Girls Don't: A Woman's War in Vietnam (Peace and Conflict Series)
Inette Miller has the distance and detachment of a journalist trained to see the big picture—and the heart of a woman who understands what it is like to be “the other.” It is these differing perspectives that make Miller’s Vietnam War memoir Girls Don’t! so compelling.
Miller grew up in a time and place when women were generally expected to marry and have children. A job and a career came second to being a wife and mother. Miller does marry, but largely because in doing so she can go to Vietnam, a journey she makes precisely “because that’s not where girls were expected to go.”
In Saigon Miller finds work as a stringer for Time magazine. Her husband Bob is a draftee who both disagrees with the war and feels an obligation to serve. Their posting in Vietnam spans what, at the time, was considered a hopeful period between 1970 and 1971. Only later does it become clear that the war is not about to end and instead carries on for four more years. Miller tells her tale with the gift of hindsight while still managing to convey the voice of her much younger self. To help illustrate her inexperience she uses a series of numbers to describe her flight to Vietnam.
“From San Francisco, the flight took twenty-two hours. I was twenty-three years old. I’d been married twenty-one days.”
In Vietnam Miller once again uses numbers to show just how rare her position as a female war correspondent was. According to Miller, between 1965 and 1973 there were 1,742 American reporters accredited to American news outlets in Vietnam, of which 232 were women, half of whom were in the country less than a month and most of whom never left Saigon.
Miller spent more than a year in country. She not only left Saigon but left Vietnam as well, traveling to Cambodia and Laos. In Cambodia Miller journeys to the countryside to see the destruction American and Vietnamese troops have caused, helping readers understand better how the war made some Cambodians more receptive to the initial appeals of the Khmer Rouge. Her response to the devastation has as much to do with her position as a reporter as her status as a woman in a man’s world.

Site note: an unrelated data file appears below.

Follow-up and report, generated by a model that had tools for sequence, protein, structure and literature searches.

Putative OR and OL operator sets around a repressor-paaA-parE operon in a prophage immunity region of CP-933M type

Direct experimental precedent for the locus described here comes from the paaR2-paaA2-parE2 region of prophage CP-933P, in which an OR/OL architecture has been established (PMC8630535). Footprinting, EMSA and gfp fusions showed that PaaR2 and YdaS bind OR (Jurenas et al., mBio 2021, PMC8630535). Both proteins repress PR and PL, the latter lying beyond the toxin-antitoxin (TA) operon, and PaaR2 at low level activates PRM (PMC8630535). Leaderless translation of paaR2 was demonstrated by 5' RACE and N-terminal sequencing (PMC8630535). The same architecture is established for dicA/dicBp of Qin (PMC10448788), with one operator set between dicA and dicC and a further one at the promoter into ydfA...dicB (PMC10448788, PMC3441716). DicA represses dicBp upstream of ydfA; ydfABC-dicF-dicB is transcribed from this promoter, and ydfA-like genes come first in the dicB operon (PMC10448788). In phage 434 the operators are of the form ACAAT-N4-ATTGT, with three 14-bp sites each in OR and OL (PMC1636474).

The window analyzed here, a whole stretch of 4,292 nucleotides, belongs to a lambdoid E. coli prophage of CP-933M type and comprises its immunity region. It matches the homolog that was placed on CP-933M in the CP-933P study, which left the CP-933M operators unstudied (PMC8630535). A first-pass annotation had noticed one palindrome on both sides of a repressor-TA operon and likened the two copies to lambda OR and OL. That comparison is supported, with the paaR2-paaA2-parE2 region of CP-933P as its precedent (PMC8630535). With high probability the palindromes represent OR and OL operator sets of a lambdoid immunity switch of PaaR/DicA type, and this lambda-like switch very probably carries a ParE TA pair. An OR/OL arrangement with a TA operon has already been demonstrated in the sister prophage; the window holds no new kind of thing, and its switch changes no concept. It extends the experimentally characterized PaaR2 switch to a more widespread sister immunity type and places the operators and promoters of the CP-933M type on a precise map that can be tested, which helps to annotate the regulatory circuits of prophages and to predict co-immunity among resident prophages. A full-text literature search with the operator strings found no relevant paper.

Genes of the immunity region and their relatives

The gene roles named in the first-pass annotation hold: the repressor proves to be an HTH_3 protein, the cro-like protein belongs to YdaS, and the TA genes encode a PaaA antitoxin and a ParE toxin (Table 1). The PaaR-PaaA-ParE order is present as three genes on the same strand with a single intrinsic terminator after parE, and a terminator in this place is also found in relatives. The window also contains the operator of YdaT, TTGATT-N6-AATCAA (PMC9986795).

“Were there protocols for responding to annihilation? I will not be a girl!”
And yet it is her sex that allows her to see the stories her male colleagues have missed, including how young country girls are being trapped into lives of prostitution. That American soldiers frequented prostitutes is no surprise. That Miller’s male newsroom colleagues paid for sex with underage girls is more disappointing and helps explain why a woman reporter was needed to tell the girls’ stories.
Miller has additional insight into how the war impacted locals because, unlike many of her peers, she lives not in her own private residence with maids and cooks but in the home of a local family. Her friendship with one of the older daughters in the home exposes her to how a relatively well-off urban Vietnamese family experienced the war. Her marriage exposes her to another side of the conflict, that of the unlucky young men drafted to fight a conflict many of them had very little hope of understanding.
“He knew exactly how many days until his private war ended. The larger war? It went on forever.”
Miller’s war has an ending, but she makes clear the fight in Vietnam was not the only battleground she faced. It is this inner coming of age conflict that makes Girls Don’t! more than just a war story. Miller’s struggle to make a name for herself in a man’s world is a journey many women still face, although often to a lesser degree. Her words will serve as inspiration for those who choose to follow the path she blazed.
For others, they will serve as a reminder of the human cost of war, not the numbers, but the people: the reporters who didn’t return from Cambodia, the children burned so badly they lacked faces, the baby-faced draftee sunning himself on sandbags just before an explosion. Miller paints a picture of them all. It is a picture that will stay with readers long after they finish her memoir.